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Picturing a nation : art and social change in nineteenth-century America

Author: David M Lubin
Publisher: New Haven : Yale University Press, ©1994.
Series: Yale publications in the history of art.
Edition/Format:   Book : EnglishView all editions and formats
Database:WorldCat
Summary:
Art historian David Lubin examines the work of six nineteenth-century American artists to show how their paintings both embraced and resisted dominant social values. Lubin argues that artists such as George Bingham and Lily Martin Spencer were aware of the underlying social conflicts of their time and that their work reflected the nation's ambivalence toward domesticity, its conflicting ideas about child rearing,  Read more...
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Genre/Form: Pictorial works
Ouvrages illustrés
Document Type: Book
All Authors / Contributors: David M Lubin
ISBN: 0300057326 9780300057324 9780300066371 0300066376
OCLC Number: 27974828
Description: xvii, 364 p. : ill. (some col.) ; 26 cm.
Contents: The politics of method --
Labyrinths of meaning in Vanderlyn's Ariadne --
Bingham's Boone --
Reconstructing Duncanson --
Lilly Martin Spencer's domestic genre painting in antebellum America --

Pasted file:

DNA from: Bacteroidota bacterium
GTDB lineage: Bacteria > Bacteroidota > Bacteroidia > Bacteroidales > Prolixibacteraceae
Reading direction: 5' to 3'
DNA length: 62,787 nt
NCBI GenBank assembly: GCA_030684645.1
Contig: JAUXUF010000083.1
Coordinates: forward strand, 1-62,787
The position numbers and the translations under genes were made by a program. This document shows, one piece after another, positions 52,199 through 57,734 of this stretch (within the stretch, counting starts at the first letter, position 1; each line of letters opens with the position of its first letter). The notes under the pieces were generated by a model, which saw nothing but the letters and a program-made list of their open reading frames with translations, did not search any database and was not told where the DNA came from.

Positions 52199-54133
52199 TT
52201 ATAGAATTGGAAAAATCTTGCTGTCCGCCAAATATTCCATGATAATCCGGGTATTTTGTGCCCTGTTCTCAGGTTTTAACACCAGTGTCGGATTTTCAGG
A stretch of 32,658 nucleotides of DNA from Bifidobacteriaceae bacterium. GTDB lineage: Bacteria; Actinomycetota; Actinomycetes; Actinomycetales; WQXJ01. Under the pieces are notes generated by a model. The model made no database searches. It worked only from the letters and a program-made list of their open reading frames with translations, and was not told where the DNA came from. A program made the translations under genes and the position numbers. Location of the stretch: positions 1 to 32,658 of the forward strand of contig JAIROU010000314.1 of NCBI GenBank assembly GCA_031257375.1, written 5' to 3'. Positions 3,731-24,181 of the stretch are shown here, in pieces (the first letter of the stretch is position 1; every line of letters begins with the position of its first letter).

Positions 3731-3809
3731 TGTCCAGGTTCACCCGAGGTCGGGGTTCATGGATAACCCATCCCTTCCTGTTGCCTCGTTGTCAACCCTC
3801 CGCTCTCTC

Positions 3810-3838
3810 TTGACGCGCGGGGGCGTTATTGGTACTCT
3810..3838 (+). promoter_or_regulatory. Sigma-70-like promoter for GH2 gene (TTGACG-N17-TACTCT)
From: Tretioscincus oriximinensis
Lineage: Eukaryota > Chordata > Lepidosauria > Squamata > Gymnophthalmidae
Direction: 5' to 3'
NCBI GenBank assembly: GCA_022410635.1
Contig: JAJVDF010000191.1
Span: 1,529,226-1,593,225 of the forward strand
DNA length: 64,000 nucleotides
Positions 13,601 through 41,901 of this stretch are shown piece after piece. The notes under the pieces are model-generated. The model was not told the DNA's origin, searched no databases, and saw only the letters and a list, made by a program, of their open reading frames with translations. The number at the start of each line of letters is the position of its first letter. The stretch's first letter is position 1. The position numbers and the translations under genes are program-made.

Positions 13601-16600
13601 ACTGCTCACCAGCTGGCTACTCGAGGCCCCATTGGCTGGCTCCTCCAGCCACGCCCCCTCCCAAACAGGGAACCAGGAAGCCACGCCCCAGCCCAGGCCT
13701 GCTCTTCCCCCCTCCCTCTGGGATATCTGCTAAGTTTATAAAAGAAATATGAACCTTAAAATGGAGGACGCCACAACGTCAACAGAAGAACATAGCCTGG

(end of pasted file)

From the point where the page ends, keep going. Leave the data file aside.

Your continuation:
Guys and dolls : framing femininity in post-Civil War America --
Masculinity, nostalgia, and the trompe l'oeil still-life paintings of William Harnett.
Series Title: Yale publications in the history of art.
Responsibility: David M. Lubin.
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Abstract:

Art historian David Lubin examines the work of six nineteenth-century American artists to show how their paintings both embraced and resisted dominant social values. Lubin argues that artists such as George Bingham and Lily Martin Spencer were aware of the underlying social conflicts of their time and that their work reflected the nation's ambivalence toward domesticity, its conflicting ideas about child rearing, its racial disharmony, and many other issues central to the formation of modern America.--From publisher description.

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